Guangzhou R&F Properties (>> Guangzhou R&F Properties Co Ltd) will instead buy the property, an R&F spokesman said.
It will be the second time in a matter of weeks that the Chinese developer has stepped in to take over assets from Wanda, owned by one of China's richest men, Wang Jianlin.
Squeezed for finance, Wanda last month agreed to sell 77 hotels to R&F for 19.9 billion yuan ($3 billion) and 91 percent equity in 13 tourism projects to Sunac China (>> Sunac China Holdings Ltd) for 43.8 billion yuan.
China launched a clampdown on capital outflows and overseas direct investment last year, and Wanda, a property-to-entertainment giant, has been one of the companies most affected.
Chinese banks have been told to stop providing funding for several of Wanda's overseas acquisitions in order to curb its appetite for offshore deals, according to sources familiar with the matter.
R&F, together with CC Land (>> C C Land Holdings Limited), is in a consortium to buy Nine Elms, according to a source directly involved in the deal. The price will remain at 470 million pounds ($606 million), the person added, and because the deal is done offshore it does not require approval from Chinese regulators.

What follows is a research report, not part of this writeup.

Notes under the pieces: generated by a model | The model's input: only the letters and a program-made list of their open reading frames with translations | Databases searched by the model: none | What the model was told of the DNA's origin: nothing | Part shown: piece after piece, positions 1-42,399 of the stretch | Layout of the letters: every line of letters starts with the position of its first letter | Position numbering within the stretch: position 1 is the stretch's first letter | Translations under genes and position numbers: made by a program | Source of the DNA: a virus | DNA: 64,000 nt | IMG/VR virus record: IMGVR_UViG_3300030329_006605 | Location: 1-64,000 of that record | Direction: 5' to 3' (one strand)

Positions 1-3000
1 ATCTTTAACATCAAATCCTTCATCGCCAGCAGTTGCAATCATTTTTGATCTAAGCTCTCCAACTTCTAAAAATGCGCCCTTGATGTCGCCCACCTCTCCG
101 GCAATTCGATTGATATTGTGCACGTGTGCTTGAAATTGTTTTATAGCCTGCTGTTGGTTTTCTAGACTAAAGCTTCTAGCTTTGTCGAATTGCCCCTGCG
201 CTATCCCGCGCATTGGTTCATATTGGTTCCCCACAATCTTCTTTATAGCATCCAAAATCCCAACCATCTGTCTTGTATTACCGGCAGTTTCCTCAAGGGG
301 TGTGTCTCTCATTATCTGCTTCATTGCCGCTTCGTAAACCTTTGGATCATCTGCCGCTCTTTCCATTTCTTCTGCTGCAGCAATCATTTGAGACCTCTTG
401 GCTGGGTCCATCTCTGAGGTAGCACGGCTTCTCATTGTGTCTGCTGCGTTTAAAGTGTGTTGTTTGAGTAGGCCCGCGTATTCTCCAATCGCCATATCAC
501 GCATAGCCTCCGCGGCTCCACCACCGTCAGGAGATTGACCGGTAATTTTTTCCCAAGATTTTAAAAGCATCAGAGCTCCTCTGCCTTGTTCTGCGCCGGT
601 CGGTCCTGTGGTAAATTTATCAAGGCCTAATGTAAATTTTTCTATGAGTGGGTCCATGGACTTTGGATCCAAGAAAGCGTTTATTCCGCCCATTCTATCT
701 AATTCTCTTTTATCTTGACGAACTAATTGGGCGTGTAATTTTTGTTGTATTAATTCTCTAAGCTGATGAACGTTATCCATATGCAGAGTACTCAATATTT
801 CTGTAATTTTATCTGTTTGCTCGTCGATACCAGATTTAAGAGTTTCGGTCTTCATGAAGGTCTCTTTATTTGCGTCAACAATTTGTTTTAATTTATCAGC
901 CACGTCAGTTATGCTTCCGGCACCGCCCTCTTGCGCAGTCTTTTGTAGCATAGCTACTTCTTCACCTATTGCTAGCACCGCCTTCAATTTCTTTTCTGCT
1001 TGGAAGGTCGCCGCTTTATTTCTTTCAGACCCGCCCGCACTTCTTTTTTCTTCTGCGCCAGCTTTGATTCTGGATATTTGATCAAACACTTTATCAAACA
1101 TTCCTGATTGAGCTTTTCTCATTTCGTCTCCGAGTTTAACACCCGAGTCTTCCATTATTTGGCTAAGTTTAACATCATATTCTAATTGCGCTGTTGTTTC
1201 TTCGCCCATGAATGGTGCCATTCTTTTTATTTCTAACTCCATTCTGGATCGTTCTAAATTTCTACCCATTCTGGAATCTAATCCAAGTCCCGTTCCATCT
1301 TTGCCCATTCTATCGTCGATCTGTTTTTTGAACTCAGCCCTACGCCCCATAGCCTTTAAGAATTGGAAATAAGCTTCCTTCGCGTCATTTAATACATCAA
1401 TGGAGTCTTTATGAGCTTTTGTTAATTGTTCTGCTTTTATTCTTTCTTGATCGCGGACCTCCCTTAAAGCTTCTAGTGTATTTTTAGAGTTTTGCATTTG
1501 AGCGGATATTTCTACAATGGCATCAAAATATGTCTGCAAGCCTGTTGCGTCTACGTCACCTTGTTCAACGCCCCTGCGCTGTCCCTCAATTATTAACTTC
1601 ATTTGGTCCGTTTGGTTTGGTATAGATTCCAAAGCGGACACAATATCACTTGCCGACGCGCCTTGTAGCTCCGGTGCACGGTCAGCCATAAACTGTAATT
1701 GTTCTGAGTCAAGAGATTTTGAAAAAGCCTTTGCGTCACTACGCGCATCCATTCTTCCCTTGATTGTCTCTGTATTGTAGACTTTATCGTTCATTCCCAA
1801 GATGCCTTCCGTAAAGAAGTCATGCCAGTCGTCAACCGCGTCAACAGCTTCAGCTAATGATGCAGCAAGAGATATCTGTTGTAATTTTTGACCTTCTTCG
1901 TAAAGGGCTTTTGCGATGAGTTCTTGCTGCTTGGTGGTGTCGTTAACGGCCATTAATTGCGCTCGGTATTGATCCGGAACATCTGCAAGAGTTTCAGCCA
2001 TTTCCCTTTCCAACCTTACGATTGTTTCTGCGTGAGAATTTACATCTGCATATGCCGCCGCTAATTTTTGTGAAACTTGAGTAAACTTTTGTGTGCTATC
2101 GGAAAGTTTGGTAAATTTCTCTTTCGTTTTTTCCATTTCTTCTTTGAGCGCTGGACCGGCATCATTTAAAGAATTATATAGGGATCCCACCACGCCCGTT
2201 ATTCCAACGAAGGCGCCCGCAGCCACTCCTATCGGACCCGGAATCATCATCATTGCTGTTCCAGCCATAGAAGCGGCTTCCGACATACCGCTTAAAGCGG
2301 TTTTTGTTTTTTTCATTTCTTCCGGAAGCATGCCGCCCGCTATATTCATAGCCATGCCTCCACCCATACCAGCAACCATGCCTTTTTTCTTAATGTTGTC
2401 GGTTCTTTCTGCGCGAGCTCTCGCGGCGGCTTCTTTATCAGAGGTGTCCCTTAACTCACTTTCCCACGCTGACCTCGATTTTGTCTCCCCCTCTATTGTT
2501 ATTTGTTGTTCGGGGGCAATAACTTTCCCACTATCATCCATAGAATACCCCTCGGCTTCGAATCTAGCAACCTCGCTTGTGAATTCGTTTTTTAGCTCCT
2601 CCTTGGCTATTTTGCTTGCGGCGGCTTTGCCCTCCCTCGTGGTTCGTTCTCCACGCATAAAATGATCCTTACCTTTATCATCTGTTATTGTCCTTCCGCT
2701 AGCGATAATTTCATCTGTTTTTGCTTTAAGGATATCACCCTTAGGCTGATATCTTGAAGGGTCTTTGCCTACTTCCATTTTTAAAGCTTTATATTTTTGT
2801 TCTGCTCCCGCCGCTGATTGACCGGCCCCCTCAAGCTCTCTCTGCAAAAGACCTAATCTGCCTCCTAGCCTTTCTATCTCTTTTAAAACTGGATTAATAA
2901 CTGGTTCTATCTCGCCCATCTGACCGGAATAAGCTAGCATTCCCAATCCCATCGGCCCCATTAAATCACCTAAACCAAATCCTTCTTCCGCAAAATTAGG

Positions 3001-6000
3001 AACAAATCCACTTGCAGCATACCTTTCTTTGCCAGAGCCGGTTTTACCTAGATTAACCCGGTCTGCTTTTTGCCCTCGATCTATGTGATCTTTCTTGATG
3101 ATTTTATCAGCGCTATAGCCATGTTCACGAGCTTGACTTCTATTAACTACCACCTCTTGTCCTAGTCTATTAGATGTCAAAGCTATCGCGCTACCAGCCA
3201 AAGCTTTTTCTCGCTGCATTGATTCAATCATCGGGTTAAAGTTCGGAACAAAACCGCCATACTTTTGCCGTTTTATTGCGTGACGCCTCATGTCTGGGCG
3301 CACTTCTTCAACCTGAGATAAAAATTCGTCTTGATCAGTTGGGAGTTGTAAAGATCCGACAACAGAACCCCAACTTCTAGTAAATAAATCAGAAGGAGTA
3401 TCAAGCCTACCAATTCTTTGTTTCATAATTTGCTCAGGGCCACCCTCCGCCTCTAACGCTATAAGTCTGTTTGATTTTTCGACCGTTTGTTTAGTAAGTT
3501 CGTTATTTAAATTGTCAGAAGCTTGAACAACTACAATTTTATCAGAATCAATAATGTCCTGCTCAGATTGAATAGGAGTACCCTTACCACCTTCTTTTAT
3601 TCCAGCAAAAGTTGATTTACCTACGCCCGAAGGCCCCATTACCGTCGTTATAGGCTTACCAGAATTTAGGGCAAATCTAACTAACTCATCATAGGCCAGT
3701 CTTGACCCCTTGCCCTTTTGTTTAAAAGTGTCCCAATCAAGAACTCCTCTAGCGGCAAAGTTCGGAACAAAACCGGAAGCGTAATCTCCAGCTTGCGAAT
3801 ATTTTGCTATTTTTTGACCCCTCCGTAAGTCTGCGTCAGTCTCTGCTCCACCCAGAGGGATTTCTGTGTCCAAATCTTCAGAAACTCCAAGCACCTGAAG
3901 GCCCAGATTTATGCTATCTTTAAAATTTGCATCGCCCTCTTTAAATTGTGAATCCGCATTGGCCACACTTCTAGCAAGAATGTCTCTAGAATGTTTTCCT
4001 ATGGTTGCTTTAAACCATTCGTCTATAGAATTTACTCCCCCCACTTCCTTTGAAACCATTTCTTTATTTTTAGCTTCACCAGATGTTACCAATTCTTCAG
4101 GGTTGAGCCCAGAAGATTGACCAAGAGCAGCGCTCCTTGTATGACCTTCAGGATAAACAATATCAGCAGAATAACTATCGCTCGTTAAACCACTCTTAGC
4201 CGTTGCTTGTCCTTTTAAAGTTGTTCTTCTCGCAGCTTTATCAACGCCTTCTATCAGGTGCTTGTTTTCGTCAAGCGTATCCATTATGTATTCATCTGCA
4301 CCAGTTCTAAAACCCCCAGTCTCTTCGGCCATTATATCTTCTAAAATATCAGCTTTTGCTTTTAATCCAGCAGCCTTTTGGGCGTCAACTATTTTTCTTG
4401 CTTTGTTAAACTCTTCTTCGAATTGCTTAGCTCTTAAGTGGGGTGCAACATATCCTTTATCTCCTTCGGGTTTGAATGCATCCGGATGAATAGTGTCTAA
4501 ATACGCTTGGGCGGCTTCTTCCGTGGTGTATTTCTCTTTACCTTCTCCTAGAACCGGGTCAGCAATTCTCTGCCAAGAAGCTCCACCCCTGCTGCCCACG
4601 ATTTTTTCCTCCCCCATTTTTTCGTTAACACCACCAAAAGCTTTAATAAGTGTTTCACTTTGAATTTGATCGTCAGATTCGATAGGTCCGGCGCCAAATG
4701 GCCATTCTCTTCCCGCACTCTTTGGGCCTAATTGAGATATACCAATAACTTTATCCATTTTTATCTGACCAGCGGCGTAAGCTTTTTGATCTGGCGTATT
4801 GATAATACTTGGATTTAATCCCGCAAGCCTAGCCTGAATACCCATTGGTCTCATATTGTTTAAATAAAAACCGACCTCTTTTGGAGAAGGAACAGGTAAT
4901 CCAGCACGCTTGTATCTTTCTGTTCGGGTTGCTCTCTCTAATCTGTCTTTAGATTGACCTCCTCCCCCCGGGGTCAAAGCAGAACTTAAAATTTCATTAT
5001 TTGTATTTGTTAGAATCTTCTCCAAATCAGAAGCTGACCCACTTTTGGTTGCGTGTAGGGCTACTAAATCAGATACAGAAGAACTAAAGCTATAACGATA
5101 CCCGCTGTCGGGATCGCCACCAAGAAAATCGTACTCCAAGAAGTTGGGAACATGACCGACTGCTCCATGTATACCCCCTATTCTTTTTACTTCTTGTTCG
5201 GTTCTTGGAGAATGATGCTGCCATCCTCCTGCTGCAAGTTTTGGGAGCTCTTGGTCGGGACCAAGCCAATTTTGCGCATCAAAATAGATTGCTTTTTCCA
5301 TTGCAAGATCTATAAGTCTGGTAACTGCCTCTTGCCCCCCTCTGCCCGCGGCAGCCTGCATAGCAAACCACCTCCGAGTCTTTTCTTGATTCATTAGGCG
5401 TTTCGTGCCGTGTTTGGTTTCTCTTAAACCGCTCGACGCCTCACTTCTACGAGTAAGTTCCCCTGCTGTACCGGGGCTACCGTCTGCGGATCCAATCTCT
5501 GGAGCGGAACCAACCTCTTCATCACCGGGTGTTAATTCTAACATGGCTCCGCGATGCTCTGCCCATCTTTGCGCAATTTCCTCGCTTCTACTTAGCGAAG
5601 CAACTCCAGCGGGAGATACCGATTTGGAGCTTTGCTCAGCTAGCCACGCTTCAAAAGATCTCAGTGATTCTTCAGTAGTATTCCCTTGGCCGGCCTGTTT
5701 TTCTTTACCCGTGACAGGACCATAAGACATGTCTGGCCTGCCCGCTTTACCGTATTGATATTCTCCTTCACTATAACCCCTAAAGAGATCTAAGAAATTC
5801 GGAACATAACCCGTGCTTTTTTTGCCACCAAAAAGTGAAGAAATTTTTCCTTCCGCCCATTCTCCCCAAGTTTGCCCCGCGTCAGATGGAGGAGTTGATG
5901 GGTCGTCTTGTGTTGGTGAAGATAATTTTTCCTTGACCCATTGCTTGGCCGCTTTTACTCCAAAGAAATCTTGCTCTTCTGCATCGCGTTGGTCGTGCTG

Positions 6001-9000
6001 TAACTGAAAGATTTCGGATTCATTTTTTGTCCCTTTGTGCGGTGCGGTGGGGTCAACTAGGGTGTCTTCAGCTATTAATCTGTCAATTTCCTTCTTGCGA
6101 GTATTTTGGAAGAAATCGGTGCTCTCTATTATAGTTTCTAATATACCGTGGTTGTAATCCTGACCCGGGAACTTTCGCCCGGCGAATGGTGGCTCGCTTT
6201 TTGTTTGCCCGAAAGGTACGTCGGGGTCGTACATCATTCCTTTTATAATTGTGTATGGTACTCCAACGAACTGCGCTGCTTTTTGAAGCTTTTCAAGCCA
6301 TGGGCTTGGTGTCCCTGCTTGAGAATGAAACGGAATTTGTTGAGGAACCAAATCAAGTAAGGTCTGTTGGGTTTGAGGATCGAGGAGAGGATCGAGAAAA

CC Land did not respond to an email seeking comment. The developer, run by Chinese property magnate Cheung Chung-kiu, agreed to pay 1.15 billion pounds in March to buy London's "Cheesegrater" skyscraper from British Land and Oxford Properties.
R&F in April also agreed to buy the Vauxhall Square development in central London from CLS Holdings for a gross 157.77 million pounds.
Wanda's International Real Estate Centre said in a statement to Reuters on Tuesday that ownership of the 10-acre(4-hectare) Nine Elms belonged to a third party, following a Monday filing by St. Modwen Properties (>> St. Modwen Properties plc), owner of the London building, that it had completed the 470 million pound sale, without identifying the buyer. China's cabinet on Friday reiterated it would limit overseas investment in property, hotels, entertainment, sports clubs and the film industry, and planned to maintain a blacklist of domestic firms that violated overseas investment rules.
In March, Wanda's proposed $1 billion purchase of U.S. TV production company Dick Clark Productions collapsed under the heightened pressure from Beijing on outbound deals.
(Reporting by Donny Kwok and Clare Jim in HONG KONG, Zhu Zhang and Matthew Miller in BEIJING; Editing by Dale Hudson and Stephen Coates)
By Donny Kwok and Clare Jim